Rage on stage
Rajit Kapoor is brilliant, original, a Benegal favourite, and desperate for good roles
Rajit Kapoor: `People think theatre is about Shakespeare or something abstract, but since it's a medium of communication everybody has to take back some part of the play.' -- Photos: V. Sreenivasa Murthy
HE'S A National Award winner, a Bollywood sometimer as well as a Shyam Benegal favourite. And to the DD loyalists, he's the irreplaceable Byomakesh Bakshi, the desi Sherlock Holmes. But Rajit Kapoor just can't figure out why he isn't getting any good roles. "My friends tell me it's because I appear unapproachable," he says, somewhat ruefully. "What does that mean?"
Perhaps it's a backhanded compliment, suggesting that he's a demanding actor? "Demanding? Well, maybe I demanded to see a script; nowadays that is considered demanding. But I'm demanding of myself as an actor and I need to have confidence in my directors that they will trust me completely. If things are in a disarray, that really puts me in a tizzy."
Rooted in stage
Despite memorable roles in Zubeida and in The Making of the Mahatma, Kapoor's talent in films seems largely untapped. The past year has been barren in terms of challenging film offers, and so cinema's loss has become theatre's gain.
Rajit Kapoor has been travelling madly with two plays from the theatre company he helped to set up: Rage. As the out-of-work film actor in Class of '84, Rajit's caricature of the Bhayander boy who made it big in a detective serial and then failed to find work is startlingly close to life. Old college friends meet after the funeral service of one of their friends and through the play each character reveals itself, shattering appearances and displaying vulnerabilities. There is no lead role, but Rajit brought mannerisms and quirks to his character that had the audience in splits, with his measured acting threatening to completely overshadow the others.
Yet Kapoor has never been to an acting school; his plans to go to NSD were vetoed by his business-running family and he turned instead to a degree in commerce. Theatre was something he had dabbled in right through school however, and the acting bug bit him, he says, as early as age six, "when I played the King of Hearts in a school play".
His ease and flourish on stage comes "from a process of trial and error. I have grown with my mistakes and maybe it has taken me longer to hone my craft as an actor without formal training, but I have always loved being on stage," he emphasises.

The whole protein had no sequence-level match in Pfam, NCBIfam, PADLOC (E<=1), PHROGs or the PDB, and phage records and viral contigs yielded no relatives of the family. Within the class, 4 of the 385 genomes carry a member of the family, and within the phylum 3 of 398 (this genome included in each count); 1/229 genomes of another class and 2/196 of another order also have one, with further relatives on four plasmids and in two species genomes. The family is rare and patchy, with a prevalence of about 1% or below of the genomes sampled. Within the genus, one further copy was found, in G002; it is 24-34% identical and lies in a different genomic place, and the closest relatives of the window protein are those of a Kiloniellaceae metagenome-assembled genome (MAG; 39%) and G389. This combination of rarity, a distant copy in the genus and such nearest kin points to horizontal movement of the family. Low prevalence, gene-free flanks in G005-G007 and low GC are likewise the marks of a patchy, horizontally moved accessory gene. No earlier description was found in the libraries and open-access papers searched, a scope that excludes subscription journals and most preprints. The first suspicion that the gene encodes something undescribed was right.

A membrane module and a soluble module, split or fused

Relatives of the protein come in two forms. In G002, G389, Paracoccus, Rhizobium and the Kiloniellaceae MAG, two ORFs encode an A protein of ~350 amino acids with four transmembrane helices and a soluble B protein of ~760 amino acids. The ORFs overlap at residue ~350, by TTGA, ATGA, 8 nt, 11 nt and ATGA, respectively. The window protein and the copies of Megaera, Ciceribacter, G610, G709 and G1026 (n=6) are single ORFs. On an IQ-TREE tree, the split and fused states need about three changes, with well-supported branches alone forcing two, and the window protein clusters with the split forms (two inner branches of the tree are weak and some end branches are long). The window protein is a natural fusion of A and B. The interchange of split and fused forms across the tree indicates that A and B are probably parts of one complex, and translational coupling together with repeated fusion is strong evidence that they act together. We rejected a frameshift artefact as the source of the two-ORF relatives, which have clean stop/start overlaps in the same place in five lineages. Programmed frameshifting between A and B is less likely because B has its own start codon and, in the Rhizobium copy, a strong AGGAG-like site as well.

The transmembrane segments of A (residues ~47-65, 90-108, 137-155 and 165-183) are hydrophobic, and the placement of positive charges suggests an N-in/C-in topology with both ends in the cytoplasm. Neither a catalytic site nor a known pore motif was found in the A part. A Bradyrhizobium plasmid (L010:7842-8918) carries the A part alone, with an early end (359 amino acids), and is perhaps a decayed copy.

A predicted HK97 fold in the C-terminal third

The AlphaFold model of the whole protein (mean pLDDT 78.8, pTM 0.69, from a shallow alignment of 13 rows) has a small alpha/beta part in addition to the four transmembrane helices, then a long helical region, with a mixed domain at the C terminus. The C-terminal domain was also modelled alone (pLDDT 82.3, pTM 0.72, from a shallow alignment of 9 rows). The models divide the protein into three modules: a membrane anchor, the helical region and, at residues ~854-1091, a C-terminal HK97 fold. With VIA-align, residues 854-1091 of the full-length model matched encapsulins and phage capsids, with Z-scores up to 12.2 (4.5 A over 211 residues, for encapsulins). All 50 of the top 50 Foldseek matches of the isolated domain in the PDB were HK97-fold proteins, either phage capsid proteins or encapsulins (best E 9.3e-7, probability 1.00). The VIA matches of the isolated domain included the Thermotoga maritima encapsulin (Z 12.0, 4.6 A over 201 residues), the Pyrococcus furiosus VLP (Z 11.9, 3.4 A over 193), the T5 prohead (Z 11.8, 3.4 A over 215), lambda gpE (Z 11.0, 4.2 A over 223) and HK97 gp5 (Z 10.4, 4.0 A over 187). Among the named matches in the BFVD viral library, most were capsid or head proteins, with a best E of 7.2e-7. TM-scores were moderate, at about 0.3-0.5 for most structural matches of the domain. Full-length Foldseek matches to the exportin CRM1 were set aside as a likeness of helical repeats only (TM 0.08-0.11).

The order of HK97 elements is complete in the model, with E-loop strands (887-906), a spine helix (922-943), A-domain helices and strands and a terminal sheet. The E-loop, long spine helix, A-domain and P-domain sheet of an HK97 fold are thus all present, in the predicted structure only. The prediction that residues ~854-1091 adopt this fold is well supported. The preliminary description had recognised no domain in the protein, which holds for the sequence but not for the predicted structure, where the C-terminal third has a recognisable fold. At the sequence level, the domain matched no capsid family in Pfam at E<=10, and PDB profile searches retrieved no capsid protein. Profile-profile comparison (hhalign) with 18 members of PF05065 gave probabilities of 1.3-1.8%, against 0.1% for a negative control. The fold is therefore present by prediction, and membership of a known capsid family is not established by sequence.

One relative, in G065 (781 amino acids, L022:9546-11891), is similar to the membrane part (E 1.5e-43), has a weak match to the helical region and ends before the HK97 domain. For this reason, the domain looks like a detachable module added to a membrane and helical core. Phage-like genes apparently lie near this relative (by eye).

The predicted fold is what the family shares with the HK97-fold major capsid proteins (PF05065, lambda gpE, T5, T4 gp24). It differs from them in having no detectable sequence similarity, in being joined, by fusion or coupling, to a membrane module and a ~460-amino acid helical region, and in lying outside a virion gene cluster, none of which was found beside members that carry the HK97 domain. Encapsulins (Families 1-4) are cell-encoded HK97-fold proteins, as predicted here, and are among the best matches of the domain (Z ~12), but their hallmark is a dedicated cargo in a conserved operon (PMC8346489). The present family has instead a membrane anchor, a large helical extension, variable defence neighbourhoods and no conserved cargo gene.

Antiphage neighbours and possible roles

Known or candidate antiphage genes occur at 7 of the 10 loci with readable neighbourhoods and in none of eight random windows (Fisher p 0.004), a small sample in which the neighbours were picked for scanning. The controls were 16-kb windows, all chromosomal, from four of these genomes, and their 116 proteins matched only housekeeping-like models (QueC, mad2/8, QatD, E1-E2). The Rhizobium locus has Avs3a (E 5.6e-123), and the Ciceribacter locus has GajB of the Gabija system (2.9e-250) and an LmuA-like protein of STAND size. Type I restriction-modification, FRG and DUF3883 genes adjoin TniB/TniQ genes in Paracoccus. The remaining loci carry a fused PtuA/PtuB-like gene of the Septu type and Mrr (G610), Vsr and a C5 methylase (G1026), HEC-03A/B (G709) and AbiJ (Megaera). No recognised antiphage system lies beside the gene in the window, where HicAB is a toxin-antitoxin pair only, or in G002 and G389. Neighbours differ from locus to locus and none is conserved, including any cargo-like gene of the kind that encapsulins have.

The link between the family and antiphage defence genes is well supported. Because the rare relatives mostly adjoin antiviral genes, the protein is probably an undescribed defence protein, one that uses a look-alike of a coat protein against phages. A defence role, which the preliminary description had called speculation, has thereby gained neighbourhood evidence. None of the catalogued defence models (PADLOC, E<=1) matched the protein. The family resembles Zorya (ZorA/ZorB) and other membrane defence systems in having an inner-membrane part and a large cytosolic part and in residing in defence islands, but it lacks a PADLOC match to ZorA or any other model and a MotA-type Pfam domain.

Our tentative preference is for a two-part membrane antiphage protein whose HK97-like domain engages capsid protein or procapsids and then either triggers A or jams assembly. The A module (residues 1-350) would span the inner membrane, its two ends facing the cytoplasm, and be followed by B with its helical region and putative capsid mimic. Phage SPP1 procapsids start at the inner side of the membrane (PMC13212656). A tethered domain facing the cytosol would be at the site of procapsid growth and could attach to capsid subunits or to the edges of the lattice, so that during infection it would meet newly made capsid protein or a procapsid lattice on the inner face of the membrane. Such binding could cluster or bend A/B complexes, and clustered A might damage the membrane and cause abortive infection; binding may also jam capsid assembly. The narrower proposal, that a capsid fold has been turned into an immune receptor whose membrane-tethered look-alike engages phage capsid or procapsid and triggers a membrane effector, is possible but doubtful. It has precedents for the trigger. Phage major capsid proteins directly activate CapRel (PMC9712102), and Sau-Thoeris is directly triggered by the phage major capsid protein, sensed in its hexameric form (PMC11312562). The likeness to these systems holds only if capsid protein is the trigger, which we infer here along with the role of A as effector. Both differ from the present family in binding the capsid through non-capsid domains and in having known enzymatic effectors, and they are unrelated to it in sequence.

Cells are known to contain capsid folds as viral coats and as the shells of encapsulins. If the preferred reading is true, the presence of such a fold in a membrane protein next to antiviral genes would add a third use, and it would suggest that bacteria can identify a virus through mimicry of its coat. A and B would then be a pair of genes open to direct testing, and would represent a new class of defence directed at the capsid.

After enrolling for an M.A. in Psychology ("I was fascinated by it and wanted to do something different"), it was a need to do more theatre that led to him opting out. He began helping with the family business in exporting garments and his foray into film came with Govind Nihalani's Jazeere.
Impressed by his theatre performances, Shyam Benegal cast him in Sooraj Ka Satwan Ghoda. He became quite a Benegal favourite, going on to star in Mammo, The Making of the Mahatma and Zubeida. "I've been working for 12 years with Benegal," he says, and points out Benegal's early example of shooting a film all in one schedule, the wise economics of which recent directors have only just discovered, and which Rajit obviously appreciates.
Mention Rajit Kapoor and the association is invariably with Byomkesh Bakshi, the detective serial where he played the protagonist. "Isn't that incredible that people still remember it so vividly," he asks. "It's some 12 years old!" While all future roles associations will stem from his somewhat foppish character in Byomkesh Bakshi, Rajit Kapoor is busy exploring theatre.
Rage, the theatre company which he began along with director Rahul da Cunha and actor Shernaz Patel, has come to be associated with excellence in English language theatre, surely an achievement considering the usual bedroom-humour comedies or dated scripts marking the genre. "Over the last 12 years we've tried to ensure high production values, spending money wisely. No lavish sets but appropriate sets with aesthetic appeal. The audience should feel they are getting their money's worth."
A recent festival for playwriting gave English theatre a fillip, he says; Pune Highway was in fact a result of that workshop which helped "open up audiences to theatre of today," he feels. "People think theatre is about Shakespeare or something abstract, but since it's a medium of communication everybody has to take back some part of the play."
Now Rajit is looking to explore Hindi theatre. "It needs more encouragement," he points out, contrasting it with the vibrant Marathi theatre scene. So the businessman-theatre actor-film star will now work his magic on a whole new canvas and given his talent it could only be hugely successful.
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